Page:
TRURO Cornwall TR3 6LQ
You don’t need to visit the Mediterranean to experience scorching weather next week, as the Westcountry is set to enjoy one of the hottest starts to June on record. According to the Exeter based Met Office, temperatures are set to soar to a balmy 28C because of a plume of warm air from the Continent and the Azores. Summer is set to properly start from Wednesday, and it will get hotter by the end of the week.
The temperature is expected to hit 28C in the south of the UK, and mid-20s in the other parts. It’s still going to be slightly more grim in the north, with it expected to be at least 8C colder than the rest of the country. It still looks pretty rainy in Scotland – but Southerners and those in the West will enjoy the sun.
In the meantime, the Met Office warned of four seasons in in a day this weekend as the Westcountry gets a taste of sunny, chilly, wet and windy weather. A spokeswoman for the Met Office said: “Saturday is definitely the best day of the weekend and on Sunday there are going to be some pretty terrible conditions across the region. “Overall, she said the last weekend of May will be one of showers, some sunshine and gusty winds.”
The good news for those with trips planned to stay in Cornwall holiday accommodation is that from mid next week it could be hotter in Britain than Spain and the south of France, where temperatures are expected to peak at 23C next week.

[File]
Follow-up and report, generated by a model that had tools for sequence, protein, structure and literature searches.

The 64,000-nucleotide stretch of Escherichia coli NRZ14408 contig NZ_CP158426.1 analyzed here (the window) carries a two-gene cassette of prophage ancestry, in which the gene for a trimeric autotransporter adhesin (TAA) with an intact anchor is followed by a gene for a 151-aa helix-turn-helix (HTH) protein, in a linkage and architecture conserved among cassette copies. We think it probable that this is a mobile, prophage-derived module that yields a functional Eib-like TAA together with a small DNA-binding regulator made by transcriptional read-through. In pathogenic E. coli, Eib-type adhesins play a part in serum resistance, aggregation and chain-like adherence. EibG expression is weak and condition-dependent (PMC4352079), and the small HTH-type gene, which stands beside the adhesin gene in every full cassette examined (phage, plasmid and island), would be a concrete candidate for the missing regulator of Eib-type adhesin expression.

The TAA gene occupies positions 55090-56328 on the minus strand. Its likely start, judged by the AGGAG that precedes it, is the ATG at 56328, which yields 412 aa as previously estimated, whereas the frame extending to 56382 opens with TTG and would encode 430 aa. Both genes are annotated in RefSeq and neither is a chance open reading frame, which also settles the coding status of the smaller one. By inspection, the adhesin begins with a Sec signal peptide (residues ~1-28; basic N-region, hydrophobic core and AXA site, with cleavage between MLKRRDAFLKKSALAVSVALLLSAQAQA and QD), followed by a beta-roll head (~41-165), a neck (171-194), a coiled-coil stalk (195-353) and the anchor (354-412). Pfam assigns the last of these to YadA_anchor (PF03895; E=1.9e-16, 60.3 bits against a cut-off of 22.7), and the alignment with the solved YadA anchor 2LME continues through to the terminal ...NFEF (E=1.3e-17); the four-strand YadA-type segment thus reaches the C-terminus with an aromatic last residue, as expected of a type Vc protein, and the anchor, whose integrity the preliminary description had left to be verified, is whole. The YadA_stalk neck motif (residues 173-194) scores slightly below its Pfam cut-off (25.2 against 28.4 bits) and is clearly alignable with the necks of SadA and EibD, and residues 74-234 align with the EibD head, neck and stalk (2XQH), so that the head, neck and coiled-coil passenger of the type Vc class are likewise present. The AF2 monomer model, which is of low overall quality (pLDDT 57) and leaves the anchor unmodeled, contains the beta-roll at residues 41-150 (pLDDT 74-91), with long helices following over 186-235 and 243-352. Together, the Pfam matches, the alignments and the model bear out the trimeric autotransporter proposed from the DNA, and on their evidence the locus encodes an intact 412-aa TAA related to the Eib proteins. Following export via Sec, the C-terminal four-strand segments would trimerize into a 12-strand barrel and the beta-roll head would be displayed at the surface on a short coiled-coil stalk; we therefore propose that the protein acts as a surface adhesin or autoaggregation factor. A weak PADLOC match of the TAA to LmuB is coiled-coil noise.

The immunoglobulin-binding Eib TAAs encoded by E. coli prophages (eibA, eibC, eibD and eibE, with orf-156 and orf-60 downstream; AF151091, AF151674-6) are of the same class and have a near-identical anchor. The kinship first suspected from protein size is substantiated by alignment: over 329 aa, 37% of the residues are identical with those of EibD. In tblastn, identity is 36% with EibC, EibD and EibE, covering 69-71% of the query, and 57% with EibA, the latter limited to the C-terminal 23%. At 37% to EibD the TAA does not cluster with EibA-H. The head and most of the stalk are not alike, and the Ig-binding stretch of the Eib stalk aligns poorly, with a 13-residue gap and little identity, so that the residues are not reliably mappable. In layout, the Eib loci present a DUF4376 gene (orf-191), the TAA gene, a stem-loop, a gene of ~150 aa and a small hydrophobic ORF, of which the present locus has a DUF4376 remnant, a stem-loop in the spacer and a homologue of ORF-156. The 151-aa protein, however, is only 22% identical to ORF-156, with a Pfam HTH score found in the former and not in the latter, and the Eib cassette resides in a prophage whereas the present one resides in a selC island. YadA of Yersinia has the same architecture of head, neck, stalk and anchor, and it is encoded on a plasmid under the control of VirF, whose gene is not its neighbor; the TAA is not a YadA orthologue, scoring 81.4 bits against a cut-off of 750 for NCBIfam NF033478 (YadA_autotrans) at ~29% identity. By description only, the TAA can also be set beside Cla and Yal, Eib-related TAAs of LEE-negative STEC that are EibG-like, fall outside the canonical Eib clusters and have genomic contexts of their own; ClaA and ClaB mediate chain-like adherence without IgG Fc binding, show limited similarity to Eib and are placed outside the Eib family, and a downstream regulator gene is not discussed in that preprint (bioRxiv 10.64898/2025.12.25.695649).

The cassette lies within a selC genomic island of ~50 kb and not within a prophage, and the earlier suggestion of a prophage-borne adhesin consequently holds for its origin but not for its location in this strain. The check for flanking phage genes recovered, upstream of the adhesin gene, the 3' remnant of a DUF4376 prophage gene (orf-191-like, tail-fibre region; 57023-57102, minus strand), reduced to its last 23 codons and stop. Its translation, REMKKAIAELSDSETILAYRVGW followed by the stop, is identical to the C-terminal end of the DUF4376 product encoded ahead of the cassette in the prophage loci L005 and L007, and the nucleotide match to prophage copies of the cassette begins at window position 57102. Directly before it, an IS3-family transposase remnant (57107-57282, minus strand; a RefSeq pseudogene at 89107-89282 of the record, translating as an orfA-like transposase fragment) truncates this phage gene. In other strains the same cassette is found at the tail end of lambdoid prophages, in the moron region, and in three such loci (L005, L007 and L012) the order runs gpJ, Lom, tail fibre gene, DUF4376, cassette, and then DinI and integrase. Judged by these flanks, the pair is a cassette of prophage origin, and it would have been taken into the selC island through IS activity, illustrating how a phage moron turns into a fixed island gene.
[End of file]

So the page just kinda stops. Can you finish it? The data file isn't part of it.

Summer could truly be on its way for us after a cold, wet and bleak May, which had an average temperature of a chilly 9.6C, as experts predict warm weather from now until the end of August.
British Weather Services forecaster Jim Dale said: “We haven’t had the chance to say ‘barbecue weather’ much this spring but next week we could well be talking about a heatwave. “It is going to be quite a surprise for many, with quite a dramatic change in the weather expected. We are looking at temperatures quite widely in the mid-20Cs, possibly higher in parts, especially in the south and London.”
The UK will enjoy weather that is far above the 16C average temperature for June, thanks to the warm air from the Continent.
The highest June temperature on record was during the 1976 heatwave when the mercury in Southampton soared to 35.6C.